The Western Culture of Medicine Over Therapy
Stem cell therapy gave Nestle a second chance at life. Every injured dog deserves to have that same chance, but our western culture trusts medicine over therapy. Many veterinarians are too hesitant or skeptical to consider stem cell therapy for its real worth. They’d rather stick to the procedures they know by heart than dig into ever-evolving stem cell therapy research.
The truth is, most medical professionals rely on the FDA and other governing organizations to provide strict treatment standards that eliminate guesswork. This is how FDA-approved drugs are always presented: here’s the dose, here’s what you do, here’s what it treats. But stem cell therapy doesn’t work that way!
Cellular products like stem cells aren’t eligible to receive FDA approval, so stem cell therapy will never offer the cut and dry directions of a pharmaceutical pill. Furthermore, the exact results of stem cell therapy can’t be predicted with total accuracy. It stimulates natural biological activity to support a dog’s innate healing capabilities, so results always vary.
If your vet isn’t willing to discuss stem cell therapy with you, he may be afraid of the unknown. He doesn’t want to have a hard conversation about a new therapy that he doesn’t fully understand, especially since he can’t promise specific results in an exact time frame.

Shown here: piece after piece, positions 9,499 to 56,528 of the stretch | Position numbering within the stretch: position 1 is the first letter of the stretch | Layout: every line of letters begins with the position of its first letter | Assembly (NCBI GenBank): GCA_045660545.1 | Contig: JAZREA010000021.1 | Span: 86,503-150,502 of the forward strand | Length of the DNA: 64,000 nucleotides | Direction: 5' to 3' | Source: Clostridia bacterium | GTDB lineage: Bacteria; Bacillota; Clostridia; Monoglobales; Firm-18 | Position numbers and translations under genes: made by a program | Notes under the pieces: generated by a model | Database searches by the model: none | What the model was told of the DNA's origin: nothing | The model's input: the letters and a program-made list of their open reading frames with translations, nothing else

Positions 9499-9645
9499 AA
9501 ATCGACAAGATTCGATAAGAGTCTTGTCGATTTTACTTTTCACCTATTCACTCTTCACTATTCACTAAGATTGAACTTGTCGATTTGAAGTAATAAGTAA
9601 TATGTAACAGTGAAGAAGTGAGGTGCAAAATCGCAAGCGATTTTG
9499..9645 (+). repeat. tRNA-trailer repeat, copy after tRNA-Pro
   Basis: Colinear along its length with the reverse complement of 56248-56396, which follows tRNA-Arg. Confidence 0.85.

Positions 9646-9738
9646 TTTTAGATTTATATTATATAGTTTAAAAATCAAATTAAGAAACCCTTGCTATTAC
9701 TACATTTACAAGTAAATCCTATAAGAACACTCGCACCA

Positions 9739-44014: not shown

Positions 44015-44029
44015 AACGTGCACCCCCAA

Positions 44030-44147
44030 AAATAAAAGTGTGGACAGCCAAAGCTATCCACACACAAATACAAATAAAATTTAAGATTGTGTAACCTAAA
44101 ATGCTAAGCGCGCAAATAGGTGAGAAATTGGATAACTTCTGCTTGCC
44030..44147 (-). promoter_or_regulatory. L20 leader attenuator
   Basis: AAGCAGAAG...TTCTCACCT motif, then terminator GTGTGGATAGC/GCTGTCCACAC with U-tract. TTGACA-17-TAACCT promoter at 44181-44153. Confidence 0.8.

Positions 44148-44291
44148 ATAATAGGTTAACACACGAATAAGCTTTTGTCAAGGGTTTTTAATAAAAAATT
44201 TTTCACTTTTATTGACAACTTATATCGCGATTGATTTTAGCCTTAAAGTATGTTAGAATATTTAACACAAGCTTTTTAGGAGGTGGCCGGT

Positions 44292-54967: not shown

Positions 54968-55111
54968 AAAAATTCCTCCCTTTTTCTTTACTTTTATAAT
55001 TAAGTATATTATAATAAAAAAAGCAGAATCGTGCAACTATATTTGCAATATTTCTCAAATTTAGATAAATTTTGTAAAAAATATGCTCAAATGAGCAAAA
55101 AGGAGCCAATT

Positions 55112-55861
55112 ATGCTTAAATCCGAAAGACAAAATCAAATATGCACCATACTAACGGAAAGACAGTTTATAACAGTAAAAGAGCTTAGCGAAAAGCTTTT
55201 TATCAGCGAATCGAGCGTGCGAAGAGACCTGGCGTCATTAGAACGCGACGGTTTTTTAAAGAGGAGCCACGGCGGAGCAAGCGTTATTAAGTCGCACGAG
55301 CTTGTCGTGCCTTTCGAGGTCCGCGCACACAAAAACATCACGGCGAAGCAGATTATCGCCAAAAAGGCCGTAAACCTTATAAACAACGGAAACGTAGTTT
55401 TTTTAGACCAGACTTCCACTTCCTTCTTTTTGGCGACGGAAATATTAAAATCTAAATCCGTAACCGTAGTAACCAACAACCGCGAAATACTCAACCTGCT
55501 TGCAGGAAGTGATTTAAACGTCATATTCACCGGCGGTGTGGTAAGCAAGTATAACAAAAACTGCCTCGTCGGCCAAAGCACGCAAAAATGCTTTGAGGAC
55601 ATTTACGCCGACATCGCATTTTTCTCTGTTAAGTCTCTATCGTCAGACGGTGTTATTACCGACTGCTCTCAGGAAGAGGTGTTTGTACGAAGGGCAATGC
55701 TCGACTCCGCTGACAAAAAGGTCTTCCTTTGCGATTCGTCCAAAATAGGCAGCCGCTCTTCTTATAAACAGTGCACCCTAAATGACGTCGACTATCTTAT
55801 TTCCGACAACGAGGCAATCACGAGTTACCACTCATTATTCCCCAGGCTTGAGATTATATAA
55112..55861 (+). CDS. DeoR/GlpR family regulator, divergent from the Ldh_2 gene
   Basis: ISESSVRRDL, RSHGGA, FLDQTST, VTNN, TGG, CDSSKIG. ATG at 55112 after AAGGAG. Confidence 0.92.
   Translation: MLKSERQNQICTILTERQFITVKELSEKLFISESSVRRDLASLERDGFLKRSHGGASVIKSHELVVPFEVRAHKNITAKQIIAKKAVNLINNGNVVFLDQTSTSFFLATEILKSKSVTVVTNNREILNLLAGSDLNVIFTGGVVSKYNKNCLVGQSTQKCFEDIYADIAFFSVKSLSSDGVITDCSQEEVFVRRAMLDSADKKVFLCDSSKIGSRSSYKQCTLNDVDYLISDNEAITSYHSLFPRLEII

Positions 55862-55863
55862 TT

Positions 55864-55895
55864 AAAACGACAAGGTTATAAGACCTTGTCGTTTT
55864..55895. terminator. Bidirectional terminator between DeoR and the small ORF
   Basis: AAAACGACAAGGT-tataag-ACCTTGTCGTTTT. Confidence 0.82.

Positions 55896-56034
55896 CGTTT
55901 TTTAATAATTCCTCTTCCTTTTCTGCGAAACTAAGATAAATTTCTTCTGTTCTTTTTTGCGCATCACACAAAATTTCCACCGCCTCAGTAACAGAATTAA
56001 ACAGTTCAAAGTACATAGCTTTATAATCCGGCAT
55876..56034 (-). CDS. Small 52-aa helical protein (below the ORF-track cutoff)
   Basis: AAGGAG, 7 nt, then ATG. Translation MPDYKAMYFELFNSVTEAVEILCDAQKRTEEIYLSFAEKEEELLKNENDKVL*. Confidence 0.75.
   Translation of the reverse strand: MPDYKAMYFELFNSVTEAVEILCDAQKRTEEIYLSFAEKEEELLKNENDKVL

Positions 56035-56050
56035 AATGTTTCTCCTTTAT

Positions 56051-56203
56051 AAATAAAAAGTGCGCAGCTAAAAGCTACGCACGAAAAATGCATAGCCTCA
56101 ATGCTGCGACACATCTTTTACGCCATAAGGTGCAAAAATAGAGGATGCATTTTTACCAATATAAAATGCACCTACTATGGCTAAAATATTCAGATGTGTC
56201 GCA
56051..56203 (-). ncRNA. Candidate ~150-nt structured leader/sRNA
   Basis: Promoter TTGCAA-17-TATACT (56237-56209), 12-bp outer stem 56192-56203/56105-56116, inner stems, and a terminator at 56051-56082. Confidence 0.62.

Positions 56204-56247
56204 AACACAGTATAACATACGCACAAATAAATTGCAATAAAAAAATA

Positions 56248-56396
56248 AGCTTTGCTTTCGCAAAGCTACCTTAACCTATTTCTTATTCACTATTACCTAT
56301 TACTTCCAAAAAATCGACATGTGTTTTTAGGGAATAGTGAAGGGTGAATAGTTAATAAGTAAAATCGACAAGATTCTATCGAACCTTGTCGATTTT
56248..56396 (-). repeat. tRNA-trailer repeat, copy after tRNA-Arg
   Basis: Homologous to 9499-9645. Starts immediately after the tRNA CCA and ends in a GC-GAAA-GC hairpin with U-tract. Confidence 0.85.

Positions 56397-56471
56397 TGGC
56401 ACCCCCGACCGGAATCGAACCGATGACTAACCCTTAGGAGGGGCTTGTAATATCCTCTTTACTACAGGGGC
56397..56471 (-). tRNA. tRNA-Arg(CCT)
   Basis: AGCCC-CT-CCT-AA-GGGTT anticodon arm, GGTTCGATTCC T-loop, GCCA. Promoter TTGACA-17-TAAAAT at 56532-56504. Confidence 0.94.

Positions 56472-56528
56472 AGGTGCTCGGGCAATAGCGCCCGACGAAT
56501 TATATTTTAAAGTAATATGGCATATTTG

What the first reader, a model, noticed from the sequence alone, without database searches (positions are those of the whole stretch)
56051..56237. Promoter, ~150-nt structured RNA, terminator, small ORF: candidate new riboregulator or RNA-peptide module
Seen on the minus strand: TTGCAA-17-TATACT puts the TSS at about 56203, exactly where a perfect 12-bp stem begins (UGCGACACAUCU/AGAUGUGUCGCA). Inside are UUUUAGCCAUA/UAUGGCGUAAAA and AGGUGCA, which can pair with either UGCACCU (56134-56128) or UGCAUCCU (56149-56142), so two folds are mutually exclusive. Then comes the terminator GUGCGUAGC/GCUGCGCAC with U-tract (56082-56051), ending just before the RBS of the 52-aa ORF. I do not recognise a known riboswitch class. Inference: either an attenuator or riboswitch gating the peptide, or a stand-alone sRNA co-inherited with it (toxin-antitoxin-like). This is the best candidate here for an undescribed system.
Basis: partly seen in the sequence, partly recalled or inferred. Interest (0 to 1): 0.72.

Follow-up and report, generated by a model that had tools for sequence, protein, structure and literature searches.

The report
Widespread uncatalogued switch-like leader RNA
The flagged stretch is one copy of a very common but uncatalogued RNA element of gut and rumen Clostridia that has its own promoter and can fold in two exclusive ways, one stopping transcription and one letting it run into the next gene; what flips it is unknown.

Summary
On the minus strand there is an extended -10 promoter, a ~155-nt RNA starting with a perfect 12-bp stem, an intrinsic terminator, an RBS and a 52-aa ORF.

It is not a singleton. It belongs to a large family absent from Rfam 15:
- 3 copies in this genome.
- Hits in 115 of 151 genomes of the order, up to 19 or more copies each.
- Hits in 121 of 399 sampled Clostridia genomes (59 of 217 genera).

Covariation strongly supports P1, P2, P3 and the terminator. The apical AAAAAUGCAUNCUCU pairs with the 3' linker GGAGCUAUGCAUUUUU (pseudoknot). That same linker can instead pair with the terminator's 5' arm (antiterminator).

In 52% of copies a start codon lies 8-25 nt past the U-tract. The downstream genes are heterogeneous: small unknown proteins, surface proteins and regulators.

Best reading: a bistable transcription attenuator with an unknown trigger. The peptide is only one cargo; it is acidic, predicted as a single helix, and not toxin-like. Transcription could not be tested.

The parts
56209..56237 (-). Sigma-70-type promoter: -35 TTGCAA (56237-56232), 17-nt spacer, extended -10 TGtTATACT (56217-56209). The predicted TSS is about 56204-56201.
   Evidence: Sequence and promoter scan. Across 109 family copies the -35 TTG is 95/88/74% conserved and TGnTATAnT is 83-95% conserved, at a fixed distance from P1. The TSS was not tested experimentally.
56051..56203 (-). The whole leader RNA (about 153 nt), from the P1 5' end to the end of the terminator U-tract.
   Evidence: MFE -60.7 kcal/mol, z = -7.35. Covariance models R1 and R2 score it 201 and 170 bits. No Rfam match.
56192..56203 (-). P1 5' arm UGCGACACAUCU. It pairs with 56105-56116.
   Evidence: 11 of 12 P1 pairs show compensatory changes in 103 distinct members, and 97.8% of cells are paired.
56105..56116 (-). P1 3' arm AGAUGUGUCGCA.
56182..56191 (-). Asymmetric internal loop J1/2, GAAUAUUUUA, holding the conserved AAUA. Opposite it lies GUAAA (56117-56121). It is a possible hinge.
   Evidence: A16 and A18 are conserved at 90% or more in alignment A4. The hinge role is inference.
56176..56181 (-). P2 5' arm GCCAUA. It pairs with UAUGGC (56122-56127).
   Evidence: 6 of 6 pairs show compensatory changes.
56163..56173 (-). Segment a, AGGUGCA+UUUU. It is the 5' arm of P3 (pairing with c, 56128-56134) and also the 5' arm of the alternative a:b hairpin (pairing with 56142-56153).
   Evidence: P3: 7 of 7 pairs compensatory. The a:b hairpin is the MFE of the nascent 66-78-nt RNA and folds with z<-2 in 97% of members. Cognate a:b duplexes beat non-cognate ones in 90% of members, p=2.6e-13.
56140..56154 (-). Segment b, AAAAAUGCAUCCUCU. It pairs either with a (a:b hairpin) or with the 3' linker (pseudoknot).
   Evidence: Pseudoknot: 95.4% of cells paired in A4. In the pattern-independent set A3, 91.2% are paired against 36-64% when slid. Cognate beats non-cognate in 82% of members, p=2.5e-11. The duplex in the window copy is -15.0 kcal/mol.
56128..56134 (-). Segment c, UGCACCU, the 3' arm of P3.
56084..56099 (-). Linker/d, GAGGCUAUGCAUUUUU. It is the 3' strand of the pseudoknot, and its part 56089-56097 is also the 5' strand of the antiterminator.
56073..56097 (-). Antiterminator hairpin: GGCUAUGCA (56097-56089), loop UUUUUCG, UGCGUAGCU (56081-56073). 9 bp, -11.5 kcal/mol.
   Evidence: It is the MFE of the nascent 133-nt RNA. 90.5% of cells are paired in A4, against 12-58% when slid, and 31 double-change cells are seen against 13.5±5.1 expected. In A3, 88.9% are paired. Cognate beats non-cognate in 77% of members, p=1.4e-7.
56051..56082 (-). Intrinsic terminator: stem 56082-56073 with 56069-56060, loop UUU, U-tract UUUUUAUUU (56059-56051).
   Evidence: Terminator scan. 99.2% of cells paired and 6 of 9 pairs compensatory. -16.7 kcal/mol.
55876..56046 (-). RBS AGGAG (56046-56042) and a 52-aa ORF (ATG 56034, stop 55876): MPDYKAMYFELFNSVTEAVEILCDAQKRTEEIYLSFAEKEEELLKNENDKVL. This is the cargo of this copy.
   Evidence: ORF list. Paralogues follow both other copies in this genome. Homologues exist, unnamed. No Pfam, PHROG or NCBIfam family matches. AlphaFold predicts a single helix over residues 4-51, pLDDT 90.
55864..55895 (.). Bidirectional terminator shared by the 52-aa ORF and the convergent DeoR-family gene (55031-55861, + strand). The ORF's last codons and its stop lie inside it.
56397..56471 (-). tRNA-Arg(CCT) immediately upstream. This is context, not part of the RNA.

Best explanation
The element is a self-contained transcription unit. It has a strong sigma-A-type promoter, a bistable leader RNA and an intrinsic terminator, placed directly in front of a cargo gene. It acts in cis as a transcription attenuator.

What To Do If Your Vet Won’t Discuss Stem Cell Therapy
We’re lucky enough to live in the era of information. If your own veterinarian doesn’t offer stem cell therapy, you can hop online to explore for yourself. I created Stem Cells For Dogs as a comprehensive online resource for pet owners eager to learn more about stem cell therapy, especially if their regular vets couldn’t (or wouldn’t!) help.
Stem Cells For Dogs partners with veterinarians who are extensively trained and certified to perform our innovative HUC-DT stem cell therapy. It doesn’t matter where you are located; it only takes one phone call to connect with a compassionate and educated veterinarian who believes in the healing potential of stem cell therapy.
Though we can’t guarantee specific stem cell therapy results, we can guarantee that the majority of dogs we treat have impressive success stories like Nestle’s. Unlike standard drugs that carry a long list of dangerous side effects, stem cell therapy is virtually risk free. Whether your dog is suffering from seizures, dementia, hip dysplasia, or intervertebral disc disease, stem cell therapy has the potential to reduce pain and accelerate healing.
If you want to join the growing number of pet owners who believe that stem cell therapy is worth a shot, or if you have your own dog at home who deserves a second chance like Nestle, get in touch with Stem Cells For Dogs now. We have all of the information you need to get started with HUC-DT stem cell therapy and explore its potential to transform your dog’s quality of life.